When my friend gave me energy, I took in enough to sample it and followed it back to its source. Then I listened to the song of the energy and sang it in my mind as well. I drew upon the source, and the stream of power that came forth replenished both of us. That evening during our Winter Solstice ritual I had the energy and insights that I needed to do the work. By the next day the connection had begun to fade.  If I wanted to keep that connection, I would also need to commit to a regular honoring of Apollon as the way that I borrowed arose from my friend’s connection. Sometimes keeping a new access point to energy is simply a matter of knowing that it exists and adding it to your repertoire, and sometimes it involves making changes to your practices.

Just like sharing the Sun at the Solstice, where each receives a spark to light the way and to pass to others, the sharing of energy can lead to more for all.

Blessings, Ivo


Ivo Domínguez, Jr. has been active in the Wiccan and the pagan community since 1978 and has been teaching since 1982. He was a founding member, and past High Priest, of Keepers of the Holly Chalice, the first coven of the Assembly of the Sacred Wheel a Wiccan Tradition. Ivo is also one of the organizers for the New Alexandrian Library. You can find him at http://www.ivodominguezjr.com.

Ivo’s books

Practical Astrology for Witches and Pagans | Casting Sacred Space

Sagittarius Love Spell Oil

by Lilith Dorsey

My sister is a Sagittarius, my brother-in-law is a Sagittarius, my niece is a Sagittarius … and I’m an Aries. You can see how the Holidays are a fiery and exciting time at our place. The astrological Sun sign of Sagittarius is given to those born between the dates of November 22 and December 21st.

Taken by Lilith Dorsey at the What's Your Sign? Mural Project in NYC. This project was created by Love Heals, the Allison Gertz Foundation for AIDS Education.
Taken by Lilith Dorsey at the What’s Your Sign? Mural Project in NYC. This project was created by Love Heals, the Allison Gertz Foundation for AIDS Education.

Sagittarius is a fire sign, and in matters of love they are known for being caring and romantic, but also silly and optimistic. In a relationship they like to be casual and allowed their freedom. This fiery sign is known for it’s great ego which can sometimes turn to stubbornness. Relationships if you are a Sagittarius can be hard, and dating a Sagittarius can be even harder. The following Love Spell Oil will help bring you love and joy in your relationships. The oil contains sunflower to bring you a sunshiny love and healing; rose to channel and focus your passion; bergamot to give you a sweet romantic blessings; clove for spicy sensual delights; and lavender for focus and spiritual blessings. Everyone deserves a good love story so lets get started on yours.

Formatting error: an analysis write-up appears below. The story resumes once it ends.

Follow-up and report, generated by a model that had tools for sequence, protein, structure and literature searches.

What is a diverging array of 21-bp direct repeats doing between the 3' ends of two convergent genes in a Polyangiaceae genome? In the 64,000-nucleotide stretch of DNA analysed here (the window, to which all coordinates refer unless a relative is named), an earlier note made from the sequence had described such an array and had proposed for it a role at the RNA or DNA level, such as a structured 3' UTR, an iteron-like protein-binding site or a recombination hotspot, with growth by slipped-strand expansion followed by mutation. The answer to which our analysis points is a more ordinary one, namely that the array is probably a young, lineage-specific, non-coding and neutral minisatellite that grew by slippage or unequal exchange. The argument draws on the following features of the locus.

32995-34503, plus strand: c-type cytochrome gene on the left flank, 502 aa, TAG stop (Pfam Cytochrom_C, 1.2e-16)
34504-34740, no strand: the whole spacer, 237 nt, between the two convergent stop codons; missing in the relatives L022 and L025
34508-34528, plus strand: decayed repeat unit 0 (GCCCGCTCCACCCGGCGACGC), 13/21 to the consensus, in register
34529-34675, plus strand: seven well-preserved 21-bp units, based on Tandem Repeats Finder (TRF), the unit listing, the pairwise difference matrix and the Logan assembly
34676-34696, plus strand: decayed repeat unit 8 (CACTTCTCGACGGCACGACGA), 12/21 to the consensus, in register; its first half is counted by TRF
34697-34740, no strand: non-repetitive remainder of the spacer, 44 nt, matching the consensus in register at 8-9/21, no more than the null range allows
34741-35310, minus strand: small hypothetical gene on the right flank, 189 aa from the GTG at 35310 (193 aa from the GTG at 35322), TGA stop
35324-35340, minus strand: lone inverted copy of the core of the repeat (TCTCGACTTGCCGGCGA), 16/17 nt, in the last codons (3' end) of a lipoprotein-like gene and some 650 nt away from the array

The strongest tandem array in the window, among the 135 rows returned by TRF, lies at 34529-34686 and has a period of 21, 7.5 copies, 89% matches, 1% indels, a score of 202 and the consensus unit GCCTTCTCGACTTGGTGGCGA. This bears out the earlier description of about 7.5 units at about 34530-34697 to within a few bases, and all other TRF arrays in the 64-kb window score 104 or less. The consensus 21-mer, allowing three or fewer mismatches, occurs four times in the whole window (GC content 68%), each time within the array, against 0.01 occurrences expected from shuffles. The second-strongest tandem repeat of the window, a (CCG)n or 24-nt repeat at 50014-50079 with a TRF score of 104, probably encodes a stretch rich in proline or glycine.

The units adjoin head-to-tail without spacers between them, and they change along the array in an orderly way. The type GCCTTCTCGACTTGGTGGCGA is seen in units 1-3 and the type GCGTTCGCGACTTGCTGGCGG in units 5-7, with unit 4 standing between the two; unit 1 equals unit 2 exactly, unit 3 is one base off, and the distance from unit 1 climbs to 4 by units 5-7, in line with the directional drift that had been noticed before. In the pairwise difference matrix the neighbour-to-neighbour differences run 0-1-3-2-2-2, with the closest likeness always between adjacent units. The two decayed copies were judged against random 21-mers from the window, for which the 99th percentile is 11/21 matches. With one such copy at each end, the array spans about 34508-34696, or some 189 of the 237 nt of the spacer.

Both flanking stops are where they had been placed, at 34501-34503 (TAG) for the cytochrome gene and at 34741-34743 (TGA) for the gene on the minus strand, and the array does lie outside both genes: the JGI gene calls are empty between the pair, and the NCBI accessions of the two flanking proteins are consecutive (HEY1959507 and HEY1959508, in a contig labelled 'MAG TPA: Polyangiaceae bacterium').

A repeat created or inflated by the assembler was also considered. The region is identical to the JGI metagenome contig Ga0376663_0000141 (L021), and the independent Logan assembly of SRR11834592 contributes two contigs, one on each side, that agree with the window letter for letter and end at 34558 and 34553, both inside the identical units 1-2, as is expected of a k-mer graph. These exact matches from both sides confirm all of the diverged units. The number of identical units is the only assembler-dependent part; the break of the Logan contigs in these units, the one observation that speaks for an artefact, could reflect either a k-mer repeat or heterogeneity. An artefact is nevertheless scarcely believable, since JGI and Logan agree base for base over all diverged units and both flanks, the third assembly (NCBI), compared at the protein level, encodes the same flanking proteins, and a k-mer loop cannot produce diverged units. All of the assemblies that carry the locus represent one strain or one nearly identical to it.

Ingredients

3 drops Sunflower (Helianthus) oil
3 drops Rose oil
3 drops Bergamot oil
1 drop Clove oil
1 drop Lavender oil
¼ tsp. Sweet Almond Oil
Glass bottle

Place the Sweet Almond oil into your glass bottle it will serve as the base oil. Into the bottle place the Sunflower oil, the Rose oil, the Bergamot oil, the Lavender oil, and the Clove oil. Rub the bottle of oil between your hands to charge it with your magical energy. As the bottle goes back and forth imagine love coming towards you and blessing your life. Wear the oil daily for help with love. You can also use this oil to anoint a piece of turquoise, which is a power stone for Sagittarius. This will help to focus your love magic.

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Lilith Dorsey, MA is a magical practitioner/voodoo priestess with training in several traditions, including Celtic, Afro-Caribbean (Santeria and Vodun), and Native American spiritualties. Her traditional education focused on plant science, anthropology, and film. She owns her own magickal consulting business, Branwen’s Pantry, and is editor/publisher of Oshun-African Magickal Quarterly. She is also the author of Voodoo and Afro-Caribbean Paganism and The African-American Ritual Cookbook. She has a degree in anthropology from the University of Rhode Island and an MFA from New York University’s Tisch School of the Arts.

The Power of Tarot Symbolism

by Marcia Masino

I recently received an inquiry from a woman who asked, “Do you have to know the Tarot to do the Ten of Wands meditation you described in your blog? A brilliant question.  She’d read the visualization instructions from my June, 2016 post and felt moved to perform the meditation because she related to the ideas I presented. However, she was concerned it wouldn’t be effective because she wasn’t a student of the cards.

Her traditional Tarot knowledge was very limited, she could tell a Wand from a Pentacle, could identify some of the Major Arcana and understood that the cards relate to people, life circumstances, spiritual themes and past, present and future. Her concern revolved around the meditation helping her if she didn’t know all the relationships between the intricate card symbolism and interpretive meanings. The woman’s intuitive self recognized the significance of the visualization; she wanted to do the practice without learning the entire Tarot.

the-power-of-tarot-symbolismThe visualization exercise I described focused on the idea of self empowered choices when handling burdens and this felt very relevant to her current life circumstances. She was unable to release the beliefs that no longer helped her and manage those that served her best and higher self. In truth is that not the challenge we all face?  The opportunity to chose which burdens she carried and how to release others appealed to her. The idea of choice was revolutionary; as was engaging with the psyche aspect of the Tarot visuals as a pathway to a better life.